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Influence of chloride ions on the reduction of mercury species in the presence of dissolved organic matter

  • Seyong Lee
  • Younghee Roh
  • Kyoung-Woong Kim
Article

Abstract

Mercuric species, Hg(II), interacts strongly with dissolved organic matter (DOM) through the oxidation, reduction, and complexation that affect the fate, bioavailability, and cycling of mercury, Hg, in aquatic environments. Despite its importance, the reactions between Hg(II) and DOM have rarely been studied in the presence of different concentrations of chloride ions (Cl) under anoxic conditions. Here, we report that the extent of Hg(II) reduction in the presence of the reduced DOM decreases with increasing Cl concentrations. The rate constants of Hg(II) reduction ranged from 0.14 to 1.73 h−1 in the presence of Cl and were lower than the rate constant (2.41 h−1) in the absence of Cl. Using a thermodynamic model, we showed that stable Hg(II)–chloride complexes were formed in the presence of Cl. We further examined that H(0) was oxidized to Hg(II) in the presence of the reduced DOM and Cl under anoxic conditions, indicating that Hg(II) reduction is inhibited by the Hg(0) oxidation. Therefore, the Hg(II) reduction by the reduced DOM can be offset due to the Hg(II)–chloride complexation and Hg(0) oxidation in chloride-rich environments. These processes can significantly influence the speciation of Hg and have an important implication for the behavior of Hg under environmentally relevant concentrations.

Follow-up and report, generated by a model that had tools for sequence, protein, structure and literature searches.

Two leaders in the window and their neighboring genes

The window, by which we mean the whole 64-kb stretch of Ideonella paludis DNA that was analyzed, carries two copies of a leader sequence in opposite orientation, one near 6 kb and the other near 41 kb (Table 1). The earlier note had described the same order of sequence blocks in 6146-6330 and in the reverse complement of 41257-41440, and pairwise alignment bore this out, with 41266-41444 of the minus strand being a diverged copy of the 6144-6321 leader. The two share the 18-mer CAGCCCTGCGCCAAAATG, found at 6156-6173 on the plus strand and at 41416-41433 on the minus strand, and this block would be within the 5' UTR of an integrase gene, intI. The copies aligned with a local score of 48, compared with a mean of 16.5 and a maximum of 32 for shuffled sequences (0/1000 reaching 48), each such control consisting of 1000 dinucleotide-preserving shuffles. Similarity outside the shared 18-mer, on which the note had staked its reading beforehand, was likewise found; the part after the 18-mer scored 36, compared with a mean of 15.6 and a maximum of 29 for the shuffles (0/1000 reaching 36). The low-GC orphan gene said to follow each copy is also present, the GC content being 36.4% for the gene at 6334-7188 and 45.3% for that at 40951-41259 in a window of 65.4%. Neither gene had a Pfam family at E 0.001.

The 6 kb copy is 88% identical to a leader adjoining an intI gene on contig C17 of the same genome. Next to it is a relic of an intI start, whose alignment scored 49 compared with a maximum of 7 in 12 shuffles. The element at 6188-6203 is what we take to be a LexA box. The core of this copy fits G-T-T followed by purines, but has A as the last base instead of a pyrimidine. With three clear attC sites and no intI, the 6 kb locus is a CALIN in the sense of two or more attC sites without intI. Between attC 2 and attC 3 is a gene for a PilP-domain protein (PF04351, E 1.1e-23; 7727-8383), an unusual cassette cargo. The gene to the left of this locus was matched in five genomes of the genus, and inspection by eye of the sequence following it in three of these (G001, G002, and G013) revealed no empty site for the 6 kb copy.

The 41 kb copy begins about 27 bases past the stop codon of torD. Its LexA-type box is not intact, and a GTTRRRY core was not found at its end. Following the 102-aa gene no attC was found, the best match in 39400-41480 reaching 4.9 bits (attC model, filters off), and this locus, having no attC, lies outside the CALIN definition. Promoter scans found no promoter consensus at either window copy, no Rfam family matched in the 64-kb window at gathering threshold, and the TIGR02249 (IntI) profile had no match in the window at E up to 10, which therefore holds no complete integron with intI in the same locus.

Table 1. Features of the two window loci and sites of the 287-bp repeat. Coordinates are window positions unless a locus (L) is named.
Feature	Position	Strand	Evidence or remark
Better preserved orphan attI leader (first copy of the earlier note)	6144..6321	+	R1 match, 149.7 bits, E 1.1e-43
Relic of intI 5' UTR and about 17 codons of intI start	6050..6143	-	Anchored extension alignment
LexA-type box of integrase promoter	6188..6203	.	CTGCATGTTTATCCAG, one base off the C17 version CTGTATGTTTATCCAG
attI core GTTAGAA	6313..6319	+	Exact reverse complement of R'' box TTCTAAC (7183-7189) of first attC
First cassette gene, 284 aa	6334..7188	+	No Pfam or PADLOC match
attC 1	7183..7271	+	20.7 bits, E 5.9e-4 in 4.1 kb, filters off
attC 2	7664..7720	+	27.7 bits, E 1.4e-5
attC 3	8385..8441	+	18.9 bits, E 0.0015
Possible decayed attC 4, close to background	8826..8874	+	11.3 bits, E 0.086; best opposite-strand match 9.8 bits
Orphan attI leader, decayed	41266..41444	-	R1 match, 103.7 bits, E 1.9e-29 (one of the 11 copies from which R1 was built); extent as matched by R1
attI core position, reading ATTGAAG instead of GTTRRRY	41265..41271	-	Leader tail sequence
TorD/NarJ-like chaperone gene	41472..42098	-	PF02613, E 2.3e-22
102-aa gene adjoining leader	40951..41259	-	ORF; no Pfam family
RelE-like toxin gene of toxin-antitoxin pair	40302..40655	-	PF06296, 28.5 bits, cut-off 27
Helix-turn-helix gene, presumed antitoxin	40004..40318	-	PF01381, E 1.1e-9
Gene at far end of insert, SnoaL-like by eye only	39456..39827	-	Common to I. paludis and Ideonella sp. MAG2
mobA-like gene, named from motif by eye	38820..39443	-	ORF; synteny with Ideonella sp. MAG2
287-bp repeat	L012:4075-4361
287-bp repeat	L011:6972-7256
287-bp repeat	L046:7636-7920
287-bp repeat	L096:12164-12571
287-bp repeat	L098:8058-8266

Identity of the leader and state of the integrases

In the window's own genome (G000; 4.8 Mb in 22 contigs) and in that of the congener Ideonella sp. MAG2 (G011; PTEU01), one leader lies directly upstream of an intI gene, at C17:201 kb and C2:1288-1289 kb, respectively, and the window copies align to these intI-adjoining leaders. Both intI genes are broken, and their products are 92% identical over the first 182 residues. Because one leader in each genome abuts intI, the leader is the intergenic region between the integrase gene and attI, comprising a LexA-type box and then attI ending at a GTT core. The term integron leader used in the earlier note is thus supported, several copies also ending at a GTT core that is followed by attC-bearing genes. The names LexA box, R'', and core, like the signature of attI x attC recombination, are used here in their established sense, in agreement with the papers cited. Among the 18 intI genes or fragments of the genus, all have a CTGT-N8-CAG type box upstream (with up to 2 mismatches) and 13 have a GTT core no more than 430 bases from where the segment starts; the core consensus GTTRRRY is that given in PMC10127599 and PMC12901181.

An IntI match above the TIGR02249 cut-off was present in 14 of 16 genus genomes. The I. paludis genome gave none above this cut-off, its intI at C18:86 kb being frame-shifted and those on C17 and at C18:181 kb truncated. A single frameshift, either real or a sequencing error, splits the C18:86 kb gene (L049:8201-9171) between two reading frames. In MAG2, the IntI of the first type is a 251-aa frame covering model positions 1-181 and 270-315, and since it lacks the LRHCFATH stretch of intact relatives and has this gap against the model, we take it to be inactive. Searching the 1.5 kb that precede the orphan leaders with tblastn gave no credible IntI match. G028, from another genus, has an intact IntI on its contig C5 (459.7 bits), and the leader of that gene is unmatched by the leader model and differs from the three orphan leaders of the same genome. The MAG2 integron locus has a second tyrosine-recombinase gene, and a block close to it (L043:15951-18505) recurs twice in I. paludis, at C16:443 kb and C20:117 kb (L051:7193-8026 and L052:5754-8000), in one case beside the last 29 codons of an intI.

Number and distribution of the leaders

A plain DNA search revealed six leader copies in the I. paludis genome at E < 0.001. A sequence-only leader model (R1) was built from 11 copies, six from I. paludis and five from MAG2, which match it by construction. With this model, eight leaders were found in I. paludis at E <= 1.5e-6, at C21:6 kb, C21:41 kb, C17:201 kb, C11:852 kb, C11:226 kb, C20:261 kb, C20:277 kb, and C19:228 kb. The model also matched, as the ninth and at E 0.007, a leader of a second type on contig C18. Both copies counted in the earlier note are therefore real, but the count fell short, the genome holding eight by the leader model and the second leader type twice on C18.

Keywords

Mercury Chloride ion Dissolved organic matter (DOM) Oxidation–reduction reaction Complexes 

Notes

Acknowledgements

This work was supported by GIST Research Institute (GRI) grant funded by the GIST in 2018.

Supplementary material

10653_2018_121_MOESM1_ESM.docx (13 kb)
Supplementary material 1 (DOCX 12 kb)

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Copyright information

© Springer Science+Business Media B.V., part of Springer Nature 2018

Authors and Affiliations

  1. 1.Environmental Assessment GroupKorea Environment Institute (KEI)SejongRepublic of Korea
  2. 2.Geologic Environment DivisionKorea Institute of Geoscience and Mineral Resources (KIGAM)DaejeonRepublic of Korea
  3. 3.Institute for Korean Regional StudiesSeoul National UniversitySeoulRepublic of Korea
  4. 4.Faculty of Environmental StudiesUniversiti Putra Malaysia (UPM)SerdangMalaysia
  5. 5.School of Earth Sciences and Environmental EngineeringGwangju Institute of Science and Technology (GIST)GwangjuRepublic of Korea

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